Englishmen race to find the tomb of Ghengis Khan. They have to get there fast, as the evil genius Dr. Fu Manchu is also searching, and if he gets the mysteriously powerful relics, he and ... See full summary »
In London, sculptor Ivan Igor struggles in vain to prevent his partner Worth from burning his wax museum...and his 'children.' Years later, Igor starts a new museum in New York, but his maimed hands confine him to directing lesser artists. People begin disappearing (including a corpse from the morgue); Igor takes a sinister interest in Charlotte Duncan, fiancée of his assistant Ralph, but arouses the suspicions of Charlotte's roommate, wisecracking reporter Florence. Written by
Rod Crawford <email@example.com>
You might as well know the truth as suspect it!---Here's every nerve-shattering fact laid before your startled eyes! The love riddle the police were afraid to solve brought under the lens of public scrutiny in a picture made behind bolted doors! See more »
Actress Monica Bannister is credited as playing Joan Gale, but she's never seen as a living person -- only as a corpse and as Joan of Arc in the wax museum. See more »
Florence's scarf goes from being buttoned in the editors office to unbuttoned in the police station, and the button on her scarf changes sides at least once. See more »
For twelve years... twelve awful years... this terrible living dead man, with these burned hands and face, has searched for this fiend. Now the account is closed!
[opens packing case to reveal the body of Worth]
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This film, which was remade as "House Of Wax" 20 years later (as if you didn't know), might not enjoy quite the reputation it does today had it not been the basis for the better-known later film and, more importantly, believed lost for over 30 years, which made it something of a legend for many people who'd never even seen it. Legendary status can be rather difficult to live up to, and unless a viewer is approaching it with no advance knowledge of its history, MYSTERY OF THE WAX MUSEUM may not be quite what one expects.
It is, nevertheless, an energetic and entertaining amalgam of genres: horror film meets newspaper crime drama. Dropping a rather Gothic tale of body-snatching, a mad sculptor and a museum of wax-covered corpses into the streamline-moderne milieu of fast-talking, wise-cracking reporters on the trail of a hot story makes for interesting contrasts.
Lionel Atwill, as Ivan Igor, the artist driven to insanity and murder by the destruction of his wax "children" in an arson fire, was an immensely enjoyable performer whose best work came a bit later (see "Son Of Frankenstein" for his portrayal of the one-armed Insp. Krogh). His natural screen presence carries him through, though he never quite generates either the pathos or the smooth menace that Vincent Price displayed in the remake. But from the moment of her entrance, it's Glenda Farrell as Florence Dempsey, the reporter out to save her job by bringing in a scoop - barreling onto the screen with a full head of steam - who propels the story all the way to its finish.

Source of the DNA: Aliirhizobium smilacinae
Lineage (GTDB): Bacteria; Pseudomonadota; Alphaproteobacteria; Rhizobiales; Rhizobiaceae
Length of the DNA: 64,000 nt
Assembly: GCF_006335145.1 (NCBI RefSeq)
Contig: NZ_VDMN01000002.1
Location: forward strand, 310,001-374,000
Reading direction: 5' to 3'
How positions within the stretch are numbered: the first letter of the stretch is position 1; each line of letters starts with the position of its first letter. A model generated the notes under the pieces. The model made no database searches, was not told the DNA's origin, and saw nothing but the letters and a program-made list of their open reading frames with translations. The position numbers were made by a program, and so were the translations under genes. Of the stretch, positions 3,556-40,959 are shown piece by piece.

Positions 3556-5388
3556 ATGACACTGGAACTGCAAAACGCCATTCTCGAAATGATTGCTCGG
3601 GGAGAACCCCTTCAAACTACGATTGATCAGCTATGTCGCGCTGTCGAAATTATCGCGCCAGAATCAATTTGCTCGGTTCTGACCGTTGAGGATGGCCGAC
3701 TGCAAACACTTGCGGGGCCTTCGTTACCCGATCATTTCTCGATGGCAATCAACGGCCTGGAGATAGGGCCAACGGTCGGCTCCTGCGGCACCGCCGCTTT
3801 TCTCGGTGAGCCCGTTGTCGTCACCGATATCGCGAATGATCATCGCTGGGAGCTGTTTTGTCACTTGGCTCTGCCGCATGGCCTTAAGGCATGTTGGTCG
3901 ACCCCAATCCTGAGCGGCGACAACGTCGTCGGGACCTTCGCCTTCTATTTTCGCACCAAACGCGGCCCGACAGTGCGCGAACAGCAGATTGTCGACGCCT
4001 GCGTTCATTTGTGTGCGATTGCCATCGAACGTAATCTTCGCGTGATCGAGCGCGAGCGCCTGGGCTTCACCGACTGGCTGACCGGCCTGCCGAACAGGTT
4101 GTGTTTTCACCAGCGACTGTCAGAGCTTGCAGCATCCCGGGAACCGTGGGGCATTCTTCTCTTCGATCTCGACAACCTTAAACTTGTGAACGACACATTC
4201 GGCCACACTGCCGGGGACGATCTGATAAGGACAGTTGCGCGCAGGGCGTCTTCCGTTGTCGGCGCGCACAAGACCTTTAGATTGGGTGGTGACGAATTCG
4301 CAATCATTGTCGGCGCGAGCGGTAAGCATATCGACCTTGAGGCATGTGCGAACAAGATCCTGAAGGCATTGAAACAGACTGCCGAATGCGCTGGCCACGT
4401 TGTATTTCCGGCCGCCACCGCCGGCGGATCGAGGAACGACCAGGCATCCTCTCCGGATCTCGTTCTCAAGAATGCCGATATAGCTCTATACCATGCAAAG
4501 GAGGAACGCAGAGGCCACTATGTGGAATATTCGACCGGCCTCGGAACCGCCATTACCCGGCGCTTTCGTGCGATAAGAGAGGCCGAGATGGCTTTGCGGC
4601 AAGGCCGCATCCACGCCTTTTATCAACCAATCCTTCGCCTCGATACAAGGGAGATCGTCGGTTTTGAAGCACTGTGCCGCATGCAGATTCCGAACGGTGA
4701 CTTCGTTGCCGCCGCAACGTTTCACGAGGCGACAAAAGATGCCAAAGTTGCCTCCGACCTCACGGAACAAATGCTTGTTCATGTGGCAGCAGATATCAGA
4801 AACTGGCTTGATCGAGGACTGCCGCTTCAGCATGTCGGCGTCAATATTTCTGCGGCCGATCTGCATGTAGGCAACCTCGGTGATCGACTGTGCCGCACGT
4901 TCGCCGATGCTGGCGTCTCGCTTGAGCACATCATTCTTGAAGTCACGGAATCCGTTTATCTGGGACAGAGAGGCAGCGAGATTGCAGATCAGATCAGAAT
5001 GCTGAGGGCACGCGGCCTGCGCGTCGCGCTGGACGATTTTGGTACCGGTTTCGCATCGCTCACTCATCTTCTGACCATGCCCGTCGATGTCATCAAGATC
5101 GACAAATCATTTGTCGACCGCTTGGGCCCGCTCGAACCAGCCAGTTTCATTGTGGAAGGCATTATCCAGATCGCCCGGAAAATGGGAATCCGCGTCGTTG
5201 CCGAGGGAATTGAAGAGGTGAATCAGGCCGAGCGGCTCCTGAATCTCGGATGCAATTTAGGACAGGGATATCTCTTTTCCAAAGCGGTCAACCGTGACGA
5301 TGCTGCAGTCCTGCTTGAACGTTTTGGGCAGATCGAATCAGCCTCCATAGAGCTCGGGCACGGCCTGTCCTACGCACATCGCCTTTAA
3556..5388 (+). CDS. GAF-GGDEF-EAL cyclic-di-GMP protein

There's an awful lot going on here beyond the basic premise; bootlegging, a "dope fiend," a suicide and a falsely implicated millionaire playboy are thrown into the mix, packing quite a lot into the 77 minute running time (the remake improved the story by eliminating extraneous characters and subplots). A pre-"King Kong" Fay Wray (in her naturally red hair sans the "Kong" blond wig) is the damsel in actual distress, but despite her billing, she's basically a supporting player and has little to do - beyond enduring roommate Florence's snide comments about her penniless boyfriend - until the climactic confrontation between all the bad guys and good guys (and girls).
MYSTERY is well-served by the direction of Michael Curtiz ("Adventures Of Robin Hood," "Casablanca"), who was something of a jack-of-all-genres, and there's plenty of snappy dialogue, some of which (Florence asking a cop, "How's your sex life?") wouldn't have made it to the screen a year later under the newly re-written Production Code. Depending on one's point of view, it could be said that the very effective production design either benefits, or suffers, from the pale pastels of the two-strip Technicolor photography. For my part, I'm guessing that the subdued tones we see today result from the lack of first-rate film elements available. Having seen far superior two-strip from years earlier, I'll wager that the original prints were much more vivid.
If you're any kind of a fan of the remake, you do owe it to yourself to see this one, if only once. There are many things to enjoy in MYSTERY OF THE WAX MUSEUM, not the least of which are the fabulous ensembles worn by Farrell. Just how does a newspaper reporter one step away from the breadline afford a wardrobe like that?
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